Holidays are around the corner and we hope your child is looking forward to a month of bliss and fun. Math may not seem to fit in with his version of a holiday, but it is after all weaved into life itself and can’t be avoided. Here are some ways for your child to see Math in a new light during the break.
The Internet is the easiest place to start. It has plenty of amazing resources. Ted, a website that produces thought-provoking videos, dedicates a part of its website wholly to Math (http://ed.ted.com/lessons?category=Mathematics). Check out the series Math in Real Life (http://ed.ted.com/series/?series=math-in-real-life). This can inspire your child develop an interest for Math, a subject isn’t easily divorced from reality. Geniebook, an app that we developed, is a great resource that teaches Math in an easy-to-understand way. It will help your child to understand concepts that confuse him in school.
Everybody likes games. If you have a young child, try buying Math puzzles and games either online or from the stores. Examples include a modified version of Bingo, where players are given cards with simple sums involving the four operations. Your child has to solve them instantly in his head to win. For older kids, try playing Black Jack and Contract Bridge: older kids are always intrigued with poker cards. These strategy games have a lot of probability in them. It also teaches them that poker cards can be played in a context that excludes gambling.
All children should master the timetables at least up to 12. If you have multiple children, turn it into a competition. Tell them to memorise the timetables and test them together, turning it into a game-show style battle. You would be surprised how rivalry drives them to come up with the answer in a snap.
Math riddles work if your child is the one who must get the answer. They are great ways to help your child to think out of the box, and are just a Google search away. Who knows? You may get so good that you start churning out your own.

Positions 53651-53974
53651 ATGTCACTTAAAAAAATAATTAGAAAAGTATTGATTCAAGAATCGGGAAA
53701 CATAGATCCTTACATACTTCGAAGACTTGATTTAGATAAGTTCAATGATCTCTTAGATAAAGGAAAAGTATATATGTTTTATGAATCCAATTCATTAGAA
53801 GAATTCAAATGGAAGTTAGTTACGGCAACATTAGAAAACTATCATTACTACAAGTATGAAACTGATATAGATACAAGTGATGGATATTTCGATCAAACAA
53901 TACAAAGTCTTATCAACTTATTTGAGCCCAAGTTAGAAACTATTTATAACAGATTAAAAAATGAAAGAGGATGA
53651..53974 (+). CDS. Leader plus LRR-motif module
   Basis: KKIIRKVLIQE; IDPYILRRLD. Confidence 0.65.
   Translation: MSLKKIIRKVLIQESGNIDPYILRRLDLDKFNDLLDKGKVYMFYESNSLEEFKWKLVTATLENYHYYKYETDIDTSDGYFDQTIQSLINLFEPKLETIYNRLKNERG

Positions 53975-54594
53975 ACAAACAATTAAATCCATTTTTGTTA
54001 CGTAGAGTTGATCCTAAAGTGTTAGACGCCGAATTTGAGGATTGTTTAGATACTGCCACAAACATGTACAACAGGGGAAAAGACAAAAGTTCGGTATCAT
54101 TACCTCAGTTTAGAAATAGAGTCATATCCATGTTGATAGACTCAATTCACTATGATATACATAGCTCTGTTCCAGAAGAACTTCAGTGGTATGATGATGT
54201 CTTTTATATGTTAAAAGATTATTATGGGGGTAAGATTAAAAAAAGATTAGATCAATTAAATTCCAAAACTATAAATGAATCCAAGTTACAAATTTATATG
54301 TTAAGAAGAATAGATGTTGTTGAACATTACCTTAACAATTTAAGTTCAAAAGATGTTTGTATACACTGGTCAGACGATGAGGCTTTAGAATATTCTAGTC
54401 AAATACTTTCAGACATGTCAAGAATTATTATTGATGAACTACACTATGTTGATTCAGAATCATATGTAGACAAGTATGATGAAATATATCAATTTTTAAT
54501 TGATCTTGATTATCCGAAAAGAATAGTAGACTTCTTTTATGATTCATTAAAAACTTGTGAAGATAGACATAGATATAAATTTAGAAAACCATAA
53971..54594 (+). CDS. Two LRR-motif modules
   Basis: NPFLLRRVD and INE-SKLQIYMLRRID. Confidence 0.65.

You have 2N coins of varying denominations (each is a non-negative real number) in a line. Players A and B take turns choosing one coin from either end. Prove A always has a strategy that ensures he end up with at least as much as B.
Homeschooling is very popular overseas. Creative parents have come up with innovative methods to involve their children in learning Math. One way is doing Math projects together. Pinterest is a social media site that puts together a series of ideas. Search for Math projects on it and you’d be introduced to quirky ideas offered by parents from all around the world. One project involves building a miniature house with your child, which is a great lesson for geometry, area and perimeter, etc.
A Trip to the Supermarket
Math isn’t just fun and games. It has diverse real-life applications. One simple application lies in baking. Purchasing ingredients from the grocery store involves budgeting and calculating costs. Back at home, successful baking relies on making precise measurements and tweaking figures in the recipe to produce the right number of servings. Even if it doesn’t work out as a learning activity, it would succeed as a great bonding one.
Budgeting & Investment
You should definitely try this if you have a money-minded kid. Guide your child in creating a budget, categorising expenditure, and allocating a neat sum as savings. Task him to project his total savings after several months or years. This can also be an opportunity to introduce your child to the world of business. Ask him to come up with a simple business idea, such as an online trading business, and do up the accounts for it: cost, sales and profit.
Computer programming is an essential skill of the technology-driven future. Math is closely linked to coding. Both are founded on logic and systematic problem-solving. Consider enrolling your child in a coding camp, or an alternative (e.g.youthdigital.com). Not only would it help to train his cognitive ability, he would also witness Math being applied in real life.
Math isn’t just for the geeky nerd. It’s for everyone. Use the holidays to show your child precisely that.